Frank Skinner - ‘I always try to take the piss out of myself’
This article is from 2009.
In the grand tradition of tour diaries, Frank Skinner has written On the Road, one of the more entertaining accounts by a random sex-eschewing, teetotal ukulele enthusiast who simply loves visiting churches. Jay Richardson talks to him about fingernail-collecting fans, the craft of ad-libbing and auctioning off his hair
The List: How do book readings compare to performing stand-up?
Frank Skinner: Well, I select a couple of bits from the book, read a bit and then get interviewed by whoever they’ve got to interview me. Then I read some more. But the ones I’ve done so far have been stormers. They’ve been funny, there’s no other word for it.
TL: Will you be censoring yourself for the ladies of Morningside?
FS: I always judge it by the audience. Do you know the comic Max Miller? He used to say ‘do you want the blue book or the white book?’ If they said white, he’d do a clean act and if they said blue, he’d do a rude one. When I come to read extracts, I say the same. It’s always been the blue so far, but if they ask for white I’m happy to modify.
TL: What about the banana episode?
FS: I read that out recently actually, in two instalments, a bit of a cliff-hanger. Like a Sherlock Holmes story in Strand magazine. I left them thinking ‘ooh, will she or won’t she?’ Then I went back to it at the end. But you don’t want to read too much. They wouldn’t sit cross-legged while I read from Stig of the Dump.
TL: Now you’re in a committed relationship, are you worried that the well of saucy sex stories will finally run dry?
FS: When I first started I was talking about how hard it was to find sex, then a couple of tours followed about how easy it was suddenly, and now, as you say, it’s a little retrospective and wistful. It’s like flying over a well-known landmark. You see it approaching, you’re right over a fabulous view but then it’s gone and you’re only left with the memories. Still, I think it’s been good for my act. Russell Brand can’t do material about being sexually successful forever unless he suddenly becomes celibate or something, whereas I’ve had organic growth, blossoming and now, decline.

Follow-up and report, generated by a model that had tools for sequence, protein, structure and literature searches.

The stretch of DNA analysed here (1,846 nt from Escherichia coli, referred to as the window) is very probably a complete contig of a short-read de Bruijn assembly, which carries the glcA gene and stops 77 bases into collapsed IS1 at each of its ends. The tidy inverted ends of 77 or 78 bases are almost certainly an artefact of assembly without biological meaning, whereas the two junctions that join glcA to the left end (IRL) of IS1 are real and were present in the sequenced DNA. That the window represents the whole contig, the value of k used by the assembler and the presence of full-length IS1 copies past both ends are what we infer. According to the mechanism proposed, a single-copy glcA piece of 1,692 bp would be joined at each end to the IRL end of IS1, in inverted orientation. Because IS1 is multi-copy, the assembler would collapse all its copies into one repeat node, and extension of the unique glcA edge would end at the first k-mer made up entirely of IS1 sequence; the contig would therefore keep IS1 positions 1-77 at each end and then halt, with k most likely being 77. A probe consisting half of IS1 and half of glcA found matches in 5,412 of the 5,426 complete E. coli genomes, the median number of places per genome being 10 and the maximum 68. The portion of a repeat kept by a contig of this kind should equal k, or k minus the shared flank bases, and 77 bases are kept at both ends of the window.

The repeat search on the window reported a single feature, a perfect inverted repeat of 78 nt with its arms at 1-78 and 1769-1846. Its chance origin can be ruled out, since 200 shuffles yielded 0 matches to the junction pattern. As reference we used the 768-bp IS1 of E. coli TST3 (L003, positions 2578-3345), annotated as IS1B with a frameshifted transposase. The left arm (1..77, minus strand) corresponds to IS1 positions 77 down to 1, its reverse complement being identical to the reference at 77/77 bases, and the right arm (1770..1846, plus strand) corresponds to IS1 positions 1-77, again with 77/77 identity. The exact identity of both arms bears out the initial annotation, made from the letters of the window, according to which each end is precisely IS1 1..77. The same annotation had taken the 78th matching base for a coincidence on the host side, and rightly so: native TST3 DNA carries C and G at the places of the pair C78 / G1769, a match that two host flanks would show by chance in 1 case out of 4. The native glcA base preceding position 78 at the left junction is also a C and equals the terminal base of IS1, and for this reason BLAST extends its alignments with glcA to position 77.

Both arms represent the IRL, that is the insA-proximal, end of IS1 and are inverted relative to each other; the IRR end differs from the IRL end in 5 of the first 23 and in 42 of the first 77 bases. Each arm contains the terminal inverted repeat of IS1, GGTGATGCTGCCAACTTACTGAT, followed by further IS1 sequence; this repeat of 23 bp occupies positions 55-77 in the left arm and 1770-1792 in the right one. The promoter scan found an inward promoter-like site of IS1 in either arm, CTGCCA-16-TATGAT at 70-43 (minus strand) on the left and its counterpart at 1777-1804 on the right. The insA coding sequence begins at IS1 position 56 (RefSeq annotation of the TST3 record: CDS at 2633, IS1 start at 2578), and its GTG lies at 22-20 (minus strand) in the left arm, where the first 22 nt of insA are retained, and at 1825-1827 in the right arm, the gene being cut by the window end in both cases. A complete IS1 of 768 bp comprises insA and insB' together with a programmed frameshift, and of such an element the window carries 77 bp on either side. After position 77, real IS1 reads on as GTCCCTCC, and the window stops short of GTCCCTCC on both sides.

TL: You have claimed that Edinburgh was where you found your ‘comedy voice’. How do you feel about the Fringe now?
FS: I’m especially excited about it this year because the Credit Crunch Cabaret has reintroduced me to the art of compering. I’d forgotten how much I love it, how joyous it is. Compering clubs really got me going as a comic, moved me on a pace and I’d imagined it was a stage I’d gone through and wouldn’t return to.
TL: Is it difficult retaining a cheeky chappie, everyman persona as a millionaire?
FS: Well, I’ve always been autobiographical, so I talk about that. And I always try to take the piss out of myself too. But it’s worth mentioning that when I’ve done the Credit Crunch in London, I’ve been writing about 20, 25 minutes of topical material every week, five minutes a day, and I know as I’m doing them, these jokes are dead before they hit the ground, no matter how well they’re done or how big a laugh they’ve got. I love the restlessness of writing loads of stuff you’ll never use again. It’s what I used to do in the early days, when I was lean and hungry.
TL: Are audiences keener for a laugh during a recession?
FS: I don’t know. I’ve been told that ticket sales are up generally. And I like the fact that people’s social priorities include going to comedy. But we’re doing it for £10 because it might be all people can afford. It’s not a massive gesture that’s going to change the world or save you losing your job. But it informs the whole ambience of the gig, there’s love in the room from the off.